It states that smartphones accounted for 31% of all European web visits in 2016 – an increase from 22% in 2015. In comparison, desktop accounted for 58% of browser traffic – down from 65% in 2015. For the top-performing companies, 41% of web traffic came from a smartphone in 2016, up from just 31% the previous year. 

Meanwhile, the report found that consumer expectations are driving mobile usage, with 57% preferring to use a smartphone over another device when completing tasks in 2016 – up from 51% in 2015.

Shoppers’ dual-screening habits present big opportunities for retailers

Data from eBay has revealed there was a huge spike in consumer spending during last summer’s sporting events, indicating the potential for retailers to tap into dual screening behaviour.

On the final day of the Tour de France last year, searches for ‘Pinarello’ – the bike that Chris Froome rode – rose by 62% on eBay.co.uk. Meanwhile, searches for ‘cycling shorts’ and ‘road bike’ increased by 46% and 71% respectively.

Similarly, in the two weeks of the Rio Olympic Games, searches for ‘running shoes’ rose by 66%, and interest in running watches jumped by 113%.

Uber gains more customers than any other US company in the past year

Despite the series of scandals that have plagued the company in the past year or so, Uber has made the largest customer gains since the first half of 2016. 

26% of all US millennials are said to have recently used the service, which has increased its Adobe BrandIndex ‘current customer score’ by 8.2 points.

Other companies in the sharing economy have also grown, with Lyft – Uber’s biggest US rival – becoming the third biggest gainer, and Airbnb coming 12th in this list.

Online consumers desire security over transaction speed

New research suggests that retailers who favour speed and convenience over security measures could be losing customer trust. This is because 67% of consumers surveyed said they are concerned about their online banking and shopping security, with one in four respondents being ‘very concerned’.

In order to improve levels of trust, retailers must implement greater transparency around security practices, as well as increased security steps. 

40% of respondents said they would like to use cardholder PIN to authenticate online transactions, while 50% would like to use a combination of both PIN and biometrics. Only 2% of consumers believe transaction speed is more important than security.

Making it easier for publishers to share fact check content

With the spread of misinformation online, it’s become increasingly important for news publishers to have a way of communicating to users what information is verified. In 2016, we launched the Fact Check label in Google News and Search to make it easier for people to find articles that fact check public information, ranging from claims to public statements to statistics. Today we’re making it even easier for publishers to help Google find and distribute accurate, fact-checked content across Google News and Search.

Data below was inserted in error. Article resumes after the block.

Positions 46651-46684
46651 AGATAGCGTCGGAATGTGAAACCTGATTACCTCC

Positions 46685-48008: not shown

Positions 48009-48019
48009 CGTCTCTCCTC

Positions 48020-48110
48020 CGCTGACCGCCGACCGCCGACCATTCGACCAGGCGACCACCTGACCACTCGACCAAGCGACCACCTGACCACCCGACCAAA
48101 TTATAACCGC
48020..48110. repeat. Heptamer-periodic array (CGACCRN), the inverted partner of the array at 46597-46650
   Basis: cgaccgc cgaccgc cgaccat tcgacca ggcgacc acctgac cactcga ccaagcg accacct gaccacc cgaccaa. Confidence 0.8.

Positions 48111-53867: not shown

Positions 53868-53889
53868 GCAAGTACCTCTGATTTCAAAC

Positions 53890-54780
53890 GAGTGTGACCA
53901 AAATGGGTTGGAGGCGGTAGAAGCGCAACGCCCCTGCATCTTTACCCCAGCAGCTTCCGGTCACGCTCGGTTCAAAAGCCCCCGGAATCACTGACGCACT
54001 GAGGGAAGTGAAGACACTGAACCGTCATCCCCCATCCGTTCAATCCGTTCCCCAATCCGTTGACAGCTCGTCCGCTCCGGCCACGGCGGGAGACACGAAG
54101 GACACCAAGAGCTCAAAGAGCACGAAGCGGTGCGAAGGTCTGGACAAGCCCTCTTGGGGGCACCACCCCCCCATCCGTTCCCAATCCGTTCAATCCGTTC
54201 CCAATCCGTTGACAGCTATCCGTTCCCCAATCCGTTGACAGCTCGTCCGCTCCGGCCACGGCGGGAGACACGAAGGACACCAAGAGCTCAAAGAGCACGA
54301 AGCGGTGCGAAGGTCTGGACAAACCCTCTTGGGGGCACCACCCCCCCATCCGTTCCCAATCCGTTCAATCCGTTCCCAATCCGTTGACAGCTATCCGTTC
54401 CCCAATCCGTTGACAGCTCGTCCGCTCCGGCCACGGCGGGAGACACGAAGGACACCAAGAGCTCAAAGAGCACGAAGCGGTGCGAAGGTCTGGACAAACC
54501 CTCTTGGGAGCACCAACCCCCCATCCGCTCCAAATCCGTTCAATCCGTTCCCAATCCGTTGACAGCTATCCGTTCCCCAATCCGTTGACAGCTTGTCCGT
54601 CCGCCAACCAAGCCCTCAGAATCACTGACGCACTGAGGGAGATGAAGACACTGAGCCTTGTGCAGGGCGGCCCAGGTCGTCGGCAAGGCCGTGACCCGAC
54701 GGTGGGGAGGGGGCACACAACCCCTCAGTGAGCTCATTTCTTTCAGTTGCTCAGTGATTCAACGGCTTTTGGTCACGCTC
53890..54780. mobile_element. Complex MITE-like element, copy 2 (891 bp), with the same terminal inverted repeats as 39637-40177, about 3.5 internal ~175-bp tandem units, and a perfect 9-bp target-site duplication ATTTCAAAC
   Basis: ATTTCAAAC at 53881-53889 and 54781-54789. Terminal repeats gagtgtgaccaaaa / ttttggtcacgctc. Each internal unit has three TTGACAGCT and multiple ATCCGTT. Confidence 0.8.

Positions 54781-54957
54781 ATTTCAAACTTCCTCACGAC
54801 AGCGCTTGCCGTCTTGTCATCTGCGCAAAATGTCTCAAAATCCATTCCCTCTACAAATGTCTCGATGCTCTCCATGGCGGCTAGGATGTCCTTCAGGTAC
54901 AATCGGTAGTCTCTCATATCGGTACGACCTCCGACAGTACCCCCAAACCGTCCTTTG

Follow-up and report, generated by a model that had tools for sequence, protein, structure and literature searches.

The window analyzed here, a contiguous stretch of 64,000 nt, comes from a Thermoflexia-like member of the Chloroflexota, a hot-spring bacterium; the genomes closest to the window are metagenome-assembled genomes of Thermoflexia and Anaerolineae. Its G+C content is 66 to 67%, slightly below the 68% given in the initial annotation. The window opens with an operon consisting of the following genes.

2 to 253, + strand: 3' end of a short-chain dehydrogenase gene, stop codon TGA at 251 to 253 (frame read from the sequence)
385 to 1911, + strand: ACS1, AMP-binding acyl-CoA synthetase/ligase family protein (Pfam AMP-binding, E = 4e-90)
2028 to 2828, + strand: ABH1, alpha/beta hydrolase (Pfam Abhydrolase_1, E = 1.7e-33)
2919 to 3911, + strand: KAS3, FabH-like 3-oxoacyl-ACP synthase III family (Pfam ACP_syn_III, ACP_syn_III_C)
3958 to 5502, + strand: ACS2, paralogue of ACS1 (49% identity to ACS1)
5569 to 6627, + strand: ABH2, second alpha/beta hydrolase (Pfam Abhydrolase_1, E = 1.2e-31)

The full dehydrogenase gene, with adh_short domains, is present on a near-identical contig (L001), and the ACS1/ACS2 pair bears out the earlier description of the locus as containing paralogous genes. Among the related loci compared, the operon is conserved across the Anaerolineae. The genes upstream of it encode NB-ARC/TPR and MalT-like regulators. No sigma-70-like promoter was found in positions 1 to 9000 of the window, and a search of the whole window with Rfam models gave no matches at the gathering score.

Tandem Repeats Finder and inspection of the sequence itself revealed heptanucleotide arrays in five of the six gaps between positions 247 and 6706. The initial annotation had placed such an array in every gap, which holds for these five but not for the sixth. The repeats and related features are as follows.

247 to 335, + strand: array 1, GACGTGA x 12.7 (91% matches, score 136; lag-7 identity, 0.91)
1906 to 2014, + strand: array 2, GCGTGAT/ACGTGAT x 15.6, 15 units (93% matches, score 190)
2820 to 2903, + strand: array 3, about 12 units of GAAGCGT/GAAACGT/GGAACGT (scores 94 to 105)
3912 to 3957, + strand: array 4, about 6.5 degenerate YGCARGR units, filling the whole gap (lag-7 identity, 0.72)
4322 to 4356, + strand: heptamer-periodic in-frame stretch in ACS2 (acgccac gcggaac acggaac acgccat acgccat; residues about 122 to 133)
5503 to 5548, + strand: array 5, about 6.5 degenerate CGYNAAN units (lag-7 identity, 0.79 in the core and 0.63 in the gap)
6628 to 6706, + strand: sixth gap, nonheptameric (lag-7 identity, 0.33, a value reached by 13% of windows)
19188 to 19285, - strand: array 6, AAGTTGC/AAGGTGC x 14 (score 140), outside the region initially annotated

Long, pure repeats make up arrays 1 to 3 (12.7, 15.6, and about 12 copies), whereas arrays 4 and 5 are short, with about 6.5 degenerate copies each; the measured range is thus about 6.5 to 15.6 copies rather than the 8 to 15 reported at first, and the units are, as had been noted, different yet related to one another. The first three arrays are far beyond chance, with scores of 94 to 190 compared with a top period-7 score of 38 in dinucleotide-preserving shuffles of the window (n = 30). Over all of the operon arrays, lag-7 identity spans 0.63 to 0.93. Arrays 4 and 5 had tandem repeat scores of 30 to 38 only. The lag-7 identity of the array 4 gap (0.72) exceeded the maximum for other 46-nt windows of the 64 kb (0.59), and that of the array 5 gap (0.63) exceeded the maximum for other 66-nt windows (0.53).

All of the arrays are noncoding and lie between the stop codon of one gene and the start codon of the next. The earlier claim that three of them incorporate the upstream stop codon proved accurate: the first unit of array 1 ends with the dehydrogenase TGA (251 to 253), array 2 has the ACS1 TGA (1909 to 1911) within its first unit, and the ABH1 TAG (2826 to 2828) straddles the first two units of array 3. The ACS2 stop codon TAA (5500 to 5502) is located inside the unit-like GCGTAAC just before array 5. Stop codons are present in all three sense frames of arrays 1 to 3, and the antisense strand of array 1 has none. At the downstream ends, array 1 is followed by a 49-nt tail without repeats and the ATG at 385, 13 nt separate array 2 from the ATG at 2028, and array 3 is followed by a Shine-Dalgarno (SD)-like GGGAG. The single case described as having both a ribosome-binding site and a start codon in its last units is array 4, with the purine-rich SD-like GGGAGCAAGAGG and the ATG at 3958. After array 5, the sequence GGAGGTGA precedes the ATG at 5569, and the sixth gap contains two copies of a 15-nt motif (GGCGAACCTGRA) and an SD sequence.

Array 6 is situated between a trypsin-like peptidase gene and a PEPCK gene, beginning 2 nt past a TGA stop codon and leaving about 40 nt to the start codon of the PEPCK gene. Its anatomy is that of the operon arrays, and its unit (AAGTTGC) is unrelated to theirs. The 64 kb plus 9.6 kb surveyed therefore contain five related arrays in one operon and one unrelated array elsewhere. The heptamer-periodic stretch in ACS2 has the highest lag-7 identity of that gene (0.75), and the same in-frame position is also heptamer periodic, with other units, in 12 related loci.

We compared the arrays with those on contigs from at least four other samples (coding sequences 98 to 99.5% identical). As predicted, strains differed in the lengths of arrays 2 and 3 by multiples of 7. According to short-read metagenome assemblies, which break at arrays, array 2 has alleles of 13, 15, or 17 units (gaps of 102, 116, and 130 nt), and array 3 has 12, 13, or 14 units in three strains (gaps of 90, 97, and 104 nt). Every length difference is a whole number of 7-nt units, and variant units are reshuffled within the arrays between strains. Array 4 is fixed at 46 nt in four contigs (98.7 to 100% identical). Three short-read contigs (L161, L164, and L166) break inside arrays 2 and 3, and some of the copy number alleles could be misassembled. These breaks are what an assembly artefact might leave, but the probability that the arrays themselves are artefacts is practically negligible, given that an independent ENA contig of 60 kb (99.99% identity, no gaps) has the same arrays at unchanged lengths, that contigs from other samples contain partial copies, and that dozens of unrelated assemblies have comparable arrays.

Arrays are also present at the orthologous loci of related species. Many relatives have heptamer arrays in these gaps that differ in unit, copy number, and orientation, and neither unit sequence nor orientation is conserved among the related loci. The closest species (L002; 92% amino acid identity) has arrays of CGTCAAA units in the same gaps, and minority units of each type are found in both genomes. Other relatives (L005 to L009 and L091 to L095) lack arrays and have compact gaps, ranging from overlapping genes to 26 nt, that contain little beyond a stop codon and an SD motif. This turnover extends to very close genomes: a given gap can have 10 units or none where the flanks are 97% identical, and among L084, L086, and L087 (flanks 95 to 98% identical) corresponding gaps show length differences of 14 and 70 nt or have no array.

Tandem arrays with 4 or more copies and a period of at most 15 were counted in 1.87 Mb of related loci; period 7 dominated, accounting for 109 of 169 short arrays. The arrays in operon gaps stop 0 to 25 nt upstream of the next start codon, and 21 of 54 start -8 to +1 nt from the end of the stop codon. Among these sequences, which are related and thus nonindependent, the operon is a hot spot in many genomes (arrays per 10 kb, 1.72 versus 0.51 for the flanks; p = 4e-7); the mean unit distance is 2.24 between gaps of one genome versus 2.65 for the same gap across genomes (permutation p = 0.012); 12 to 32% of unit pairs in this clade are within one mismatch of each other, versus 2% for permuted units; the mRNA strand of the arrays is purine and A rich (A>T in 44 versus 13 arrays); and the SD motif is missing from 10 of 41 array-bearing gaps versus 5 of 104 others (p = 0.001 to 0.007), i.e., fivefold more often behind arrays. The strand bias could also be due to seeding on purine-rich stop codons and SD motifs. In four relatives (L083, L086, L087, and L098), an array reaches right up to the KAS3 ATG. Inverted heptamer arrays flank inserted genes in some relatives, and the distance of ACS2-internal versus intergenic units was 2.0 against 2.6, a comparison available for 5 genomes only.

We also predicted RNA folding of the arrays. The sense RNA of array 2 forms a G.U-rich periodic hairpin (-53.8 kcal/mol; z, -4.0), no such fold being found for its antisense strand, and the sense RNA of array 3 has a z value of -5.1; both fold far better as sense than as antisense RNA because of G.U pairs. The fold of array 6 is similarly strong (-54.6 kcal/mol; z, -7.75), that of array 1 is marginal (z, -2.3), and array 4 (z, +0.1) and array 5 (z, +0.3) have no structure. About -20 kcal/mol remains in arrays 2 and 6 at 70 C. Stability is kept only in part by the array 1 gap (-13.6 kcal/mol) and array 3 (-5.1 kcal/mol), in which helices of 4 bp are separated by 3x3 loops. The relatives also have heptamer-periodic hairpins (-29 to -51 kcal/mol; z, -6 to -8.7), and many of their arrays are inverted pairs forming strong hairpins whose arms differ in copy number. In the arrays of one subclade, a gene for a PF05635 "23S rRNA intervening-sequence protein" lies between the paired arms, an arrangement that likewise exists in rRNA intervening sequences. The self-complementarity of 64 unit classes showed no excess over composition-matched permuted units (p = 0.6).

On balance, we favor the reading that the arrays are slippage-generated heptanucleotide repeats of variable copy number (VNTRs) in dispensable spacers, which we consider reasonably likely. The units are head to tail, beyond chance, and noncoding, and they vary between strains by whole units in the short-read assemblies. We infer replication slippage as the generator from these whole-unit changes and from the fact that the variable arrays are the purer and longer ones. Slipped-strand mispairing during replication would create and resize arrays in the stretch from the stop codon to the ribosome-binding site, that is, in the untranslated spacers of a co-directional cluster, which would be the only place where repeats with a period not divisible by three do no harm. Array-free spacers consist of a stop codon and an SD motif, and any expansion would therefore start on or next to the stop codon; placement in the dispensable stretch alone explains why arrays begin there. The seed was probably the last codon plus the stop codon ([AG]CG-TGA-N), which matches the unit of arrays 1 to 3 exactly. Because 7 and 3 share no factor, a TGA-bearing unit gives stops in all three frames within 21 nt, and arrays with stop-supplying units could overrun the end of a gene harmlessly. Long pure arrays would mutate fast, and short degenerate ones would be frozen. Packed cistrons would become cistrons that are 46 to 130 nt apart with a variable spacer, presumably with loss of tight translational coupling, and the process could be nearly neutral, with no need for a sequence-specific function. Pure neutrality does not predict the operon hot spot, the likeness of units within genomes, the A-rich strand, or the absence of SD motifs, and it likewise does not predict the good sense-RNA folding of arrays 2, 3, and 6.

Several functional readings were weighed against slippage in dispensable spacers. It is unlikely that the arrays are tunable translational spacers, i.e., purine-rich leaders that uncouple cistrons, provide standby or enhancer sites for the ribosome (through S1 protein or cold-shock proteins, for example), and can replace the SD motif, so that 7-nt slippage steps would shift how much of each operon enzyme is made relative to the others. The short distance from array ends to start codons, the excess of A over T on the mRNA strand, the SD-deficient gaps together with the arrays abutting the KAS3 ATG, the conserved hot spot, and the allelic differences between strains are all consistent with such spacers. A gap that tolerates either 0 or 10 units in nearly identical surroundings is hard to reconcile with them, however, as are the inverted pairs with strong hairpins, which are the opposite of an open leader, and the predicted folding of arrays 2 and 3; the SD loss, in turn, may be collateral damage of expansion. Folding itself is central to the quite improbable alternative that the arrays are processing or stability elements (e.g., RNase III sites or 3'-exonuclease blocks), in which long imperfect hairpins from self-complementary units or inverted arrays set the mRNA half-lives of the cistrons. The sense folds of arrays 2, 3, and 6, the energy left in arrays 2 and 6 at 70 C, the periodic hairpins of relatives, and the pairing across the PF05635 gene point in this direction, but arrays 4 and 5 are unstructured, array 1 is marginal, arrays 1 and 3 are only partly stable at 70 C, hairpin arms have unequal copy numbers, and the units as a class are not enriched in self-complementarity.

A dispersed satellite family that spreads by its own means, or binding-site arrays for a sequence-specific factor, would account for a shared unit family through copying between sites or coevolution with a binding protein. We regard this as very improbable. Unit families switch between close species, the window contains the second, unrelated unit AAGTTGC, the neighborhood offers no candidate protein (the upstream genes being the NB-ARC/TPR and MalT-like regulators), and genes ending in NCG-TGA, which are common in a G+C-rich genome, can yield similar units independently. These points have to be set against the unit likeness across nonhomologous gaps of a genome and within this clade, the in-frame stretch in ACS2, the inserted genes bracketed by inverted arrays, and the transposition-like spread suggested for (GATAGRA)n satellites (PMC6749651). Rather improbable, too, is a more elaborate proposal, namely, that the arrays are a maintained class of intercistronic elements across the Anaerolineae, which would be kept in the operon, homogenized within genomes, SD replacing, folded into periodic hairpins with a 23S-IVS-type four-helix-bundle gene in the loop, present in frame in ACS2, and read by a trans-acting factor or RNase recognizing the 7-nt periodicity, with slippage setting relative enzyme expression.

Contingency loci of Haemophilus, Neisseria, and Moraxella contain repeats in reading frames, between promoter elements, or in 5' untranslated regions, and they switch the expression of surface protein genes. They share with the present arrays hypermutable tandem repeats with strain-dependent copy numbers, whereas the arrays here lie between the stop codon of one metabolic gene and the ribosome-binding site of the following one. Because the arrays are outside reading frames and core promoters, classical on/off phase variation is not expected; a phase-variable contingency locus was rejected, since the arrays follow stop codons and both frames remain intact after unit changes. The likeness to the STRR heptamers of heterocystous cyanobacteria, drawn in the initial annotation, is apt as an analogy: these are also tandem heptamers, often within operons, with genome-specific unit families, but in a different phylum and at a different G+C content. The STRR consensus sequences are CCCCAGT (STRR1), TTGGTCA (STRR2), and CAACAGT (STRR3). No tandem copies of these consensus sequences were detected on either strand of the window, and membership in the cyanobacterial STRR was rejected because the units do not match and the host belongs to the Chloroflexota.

There are two ways publishers can signal their fact check content to Google. The first is by adding the Share the Facts widget, which is a plug-and-play way for publishers to indicate their fact checks. Today, we’re expanding the Share the Facts widget to six new languages: German, Spanish, Brazilian Portuguese, Bahasa Indonesian, Hindi and Japanese (it’s already available in English, French and Italian). Share the Facts was created by Jigsaw and the Duke University Reporters’ Lab led by Bill Adair. Currently, organizations such as The Washington Post, PolitiFact, FactCheck.org, La Stampa, Gossip Cop, AGI, The Ferret and Climate Feedback are using the Share the Facts widget.

In addition to new Share the Facts widget languages, soon you’ll see fact-checked content from these new partners:

  • Aos Fatos, a Brazilian fact-checking organization launched in 2015

  • Wiener Zeitung, an Austrian news organization founded in the 1700s

  • El Confidencial, a Spanish news organization founded in 2001

We hope to expand the widget soon to publishers in Indonesia, Japan and India.

The second way that publishers can get involved with Fact Check is by adding Schema.org ClaimReview code directly to article pages. Applying the code to fact check content means Google News and Search may apply the “fact check”  label to your content.

Expanding the use of the Fact Check tag to more news organizations around the world is important to raising the visibility of quality journalism on Google. If you’d like to learn more about how to participate in the Fact Check tag, head over to our help center. You can get information on the Share the Facts widget on their website, or email the team at team@sharethefacts.org.